In the treatment of the hepatitis C virus (HCV), it should come as no surprise that resistance-associated variants (RAVs)—pre-existing or selected during treatment—would limit the activity of some drugs. After all, there is a wealth of knowledge about the importance of baseline, transmitted, and regimen-selected resistance mutations after the almost 30 years antiretroviral drugs have been available to treat HIV.
An HIV Lesson Learned
In fact, one of the principles of treating HIV infection is to use drugs from at least 2 classes, both to increase the potency of the treatment regimen and to make resistance less likely to develop during the course of therapy. Of course, the “modern” era of treating HCV with the direct acting antiviral agents is only about 2 years old. Consequently, only recently have we begun to appreciate the role resistance plays in HCV treatment.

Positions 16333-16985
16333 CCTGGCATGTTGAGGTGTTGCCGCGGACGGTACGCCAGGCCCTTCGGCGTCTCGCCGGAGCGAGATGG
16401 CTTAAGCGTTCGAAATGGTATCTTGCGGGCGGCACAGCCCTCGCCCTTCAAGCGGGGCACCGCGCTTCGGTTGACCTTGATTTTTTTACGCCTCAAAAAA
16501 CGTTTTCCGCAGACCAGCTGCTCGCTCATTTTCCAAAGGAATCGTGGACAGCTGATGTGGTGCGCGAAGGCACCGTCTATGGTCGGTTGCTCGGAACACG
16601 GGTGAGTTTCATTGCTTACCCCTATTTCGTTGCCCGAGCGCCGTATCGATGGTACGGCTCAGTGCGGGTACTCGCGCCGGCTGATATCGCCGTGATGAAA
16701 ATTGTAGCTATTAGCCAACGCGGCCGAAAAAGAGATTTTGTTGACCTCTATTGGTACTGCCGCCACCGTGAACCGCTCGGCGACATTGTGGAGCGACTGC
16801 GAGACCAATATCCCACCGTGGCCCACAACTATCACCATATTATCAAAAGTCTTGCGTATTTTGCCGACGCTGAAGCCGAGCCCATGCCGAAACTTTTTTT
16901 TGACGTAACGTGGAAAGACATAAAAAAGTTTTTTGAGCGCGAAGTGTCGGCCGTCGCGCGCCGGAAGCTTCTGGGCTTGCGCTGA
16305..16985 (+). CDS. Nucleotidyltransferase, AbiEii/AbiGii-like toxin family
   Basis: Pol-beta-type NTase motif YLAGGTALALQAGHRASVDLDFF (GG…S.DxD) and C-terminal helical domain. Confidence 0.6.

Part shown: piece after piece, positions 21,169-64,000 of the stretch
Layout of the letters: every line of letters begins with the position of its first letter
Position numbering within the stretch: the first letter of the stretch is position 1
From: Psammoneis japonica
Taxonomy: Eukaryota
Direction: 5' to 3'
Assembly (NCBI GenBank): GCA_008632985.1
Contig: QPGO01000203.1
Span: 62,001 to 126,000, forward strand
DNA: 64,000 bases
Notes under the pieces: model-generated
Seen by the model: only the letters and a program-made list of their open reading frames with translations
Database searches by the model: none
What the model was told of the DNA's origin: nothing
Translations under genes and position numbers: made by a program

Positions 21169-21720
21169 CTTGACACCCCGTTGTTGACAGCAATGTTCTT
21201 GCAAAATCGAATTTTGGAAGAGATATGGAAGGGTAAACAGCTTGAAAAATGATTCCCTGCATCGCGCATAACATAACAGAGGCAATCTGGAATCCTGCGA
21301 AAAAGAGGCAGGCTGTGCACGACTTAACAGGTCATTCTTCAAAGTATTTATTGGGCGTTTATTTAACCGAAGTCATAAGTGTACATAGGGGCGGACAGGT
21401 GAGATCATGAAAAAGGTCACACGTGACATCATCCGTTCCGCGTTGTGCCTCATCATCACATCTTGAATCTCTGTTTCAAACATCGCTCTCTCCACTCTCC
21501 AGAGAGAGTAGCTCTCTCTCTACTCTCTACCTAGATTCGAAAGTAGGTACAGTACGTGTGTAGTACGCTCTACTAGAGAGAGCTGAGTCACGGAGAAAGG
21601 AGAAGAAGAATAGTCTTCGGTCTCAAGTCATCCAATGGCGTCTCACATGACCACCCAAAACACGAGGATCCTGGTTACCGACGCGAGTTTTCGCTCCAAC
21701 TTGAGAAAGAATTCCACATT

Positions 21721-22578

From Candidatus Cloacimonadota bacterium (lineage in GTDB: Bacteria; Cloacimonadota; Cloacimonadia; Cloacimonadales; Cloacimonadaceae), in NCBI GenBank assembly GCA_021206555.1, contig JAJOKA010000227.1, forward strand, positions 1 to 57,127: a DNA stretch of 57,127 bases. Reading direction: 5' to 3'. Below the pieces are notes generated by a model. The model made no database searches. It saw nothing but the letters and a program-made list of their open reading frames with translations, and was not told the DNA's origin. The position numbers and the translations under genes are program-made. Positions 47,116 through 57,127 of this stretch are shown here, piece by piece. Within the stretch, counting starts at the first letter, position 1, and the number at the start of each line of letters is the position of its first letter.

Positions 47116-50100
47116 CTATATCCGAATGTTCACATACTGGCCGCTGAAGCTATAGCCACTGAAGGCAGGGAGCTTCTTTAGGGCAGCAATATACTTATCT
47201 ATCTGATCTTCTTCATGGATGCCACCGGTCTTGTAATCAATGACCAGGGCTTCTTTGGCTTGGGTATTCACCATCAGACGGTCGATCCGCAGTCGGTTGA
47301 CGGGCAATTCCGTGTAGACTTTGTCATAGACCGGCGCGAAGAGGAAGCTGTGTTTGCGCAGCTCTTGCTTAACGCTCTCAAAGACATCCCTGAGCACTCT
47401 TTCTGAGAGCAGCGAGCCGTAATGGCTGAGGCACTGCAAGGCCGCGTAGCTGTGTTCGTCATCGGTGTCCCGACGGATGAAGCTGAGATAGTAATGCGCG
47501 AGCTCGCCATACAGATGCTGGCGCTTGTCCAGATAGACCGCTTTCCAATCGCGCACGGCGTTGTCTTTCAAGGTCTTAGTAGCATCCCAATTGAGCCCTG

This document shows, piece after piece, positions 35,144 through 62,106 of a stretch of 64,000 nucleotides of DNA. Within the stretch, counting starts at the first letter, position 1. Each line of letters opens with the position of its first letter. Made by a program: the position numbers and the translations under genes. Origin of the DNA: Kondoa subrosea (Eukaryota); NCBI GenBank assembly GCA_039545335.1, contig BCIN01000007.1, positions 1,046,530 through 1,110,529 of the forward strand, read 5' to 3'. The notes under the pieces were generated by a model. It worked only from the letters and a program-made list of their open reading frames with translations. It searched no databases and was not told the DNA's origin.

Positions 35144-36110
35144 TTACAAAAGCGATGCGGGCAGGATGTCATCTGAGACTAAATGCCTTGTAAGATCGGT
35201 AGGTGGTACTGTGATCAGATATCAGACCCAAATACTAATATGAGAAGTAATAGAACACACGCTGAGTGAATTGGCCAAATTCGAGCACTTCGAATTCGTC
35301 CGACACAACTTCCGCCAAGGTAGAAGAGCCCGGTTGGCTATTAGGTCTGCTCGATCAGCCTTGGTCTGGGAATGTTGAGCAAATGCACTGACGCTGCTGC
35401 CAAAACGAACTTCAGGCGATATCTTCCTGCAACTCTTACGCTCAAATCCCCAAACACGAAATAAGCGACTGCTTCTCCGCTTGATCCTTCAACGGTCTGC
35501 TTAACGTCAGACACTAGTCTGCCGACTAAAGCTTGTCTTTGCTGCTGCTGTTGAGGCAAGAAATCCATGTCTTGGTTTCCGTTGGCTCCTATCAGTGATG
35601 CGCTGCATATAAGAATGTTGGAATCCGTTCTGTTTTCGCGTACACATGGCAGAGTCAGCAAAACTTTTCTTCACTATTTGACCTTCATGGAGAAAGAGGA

FDA-approved HCV Drugs and Drug Combinations
The 8 drugs or drug combinations that are FDA approved to treat patients with HCV fall into the following 4 classes:
1. NS3/4A protease inhibitors: grazoprevir (a component of Zepatier™), paritaprevir (a component of Technivie™ and Viekira Pak™), and simeprevir (Olysio™).
2. NS5A inhibitors: daclatasvir (Daklinza™), elbasvir (a component of Zepatier™), ledipasvir (a component of Harvoni™), ombitasvir (a component of Technivie™ and Viekira Pak™), and velpatasvir (a component of Epclusa™).
3. NS5B nucleot(s)ide polymerase inhibitors: sofosbuvir (Solvaldi™ and a component of Harvoni™).
4. NS5B non-nucleoside polymerase inhibitors: dasabuvir (a component of Viekira Pak™).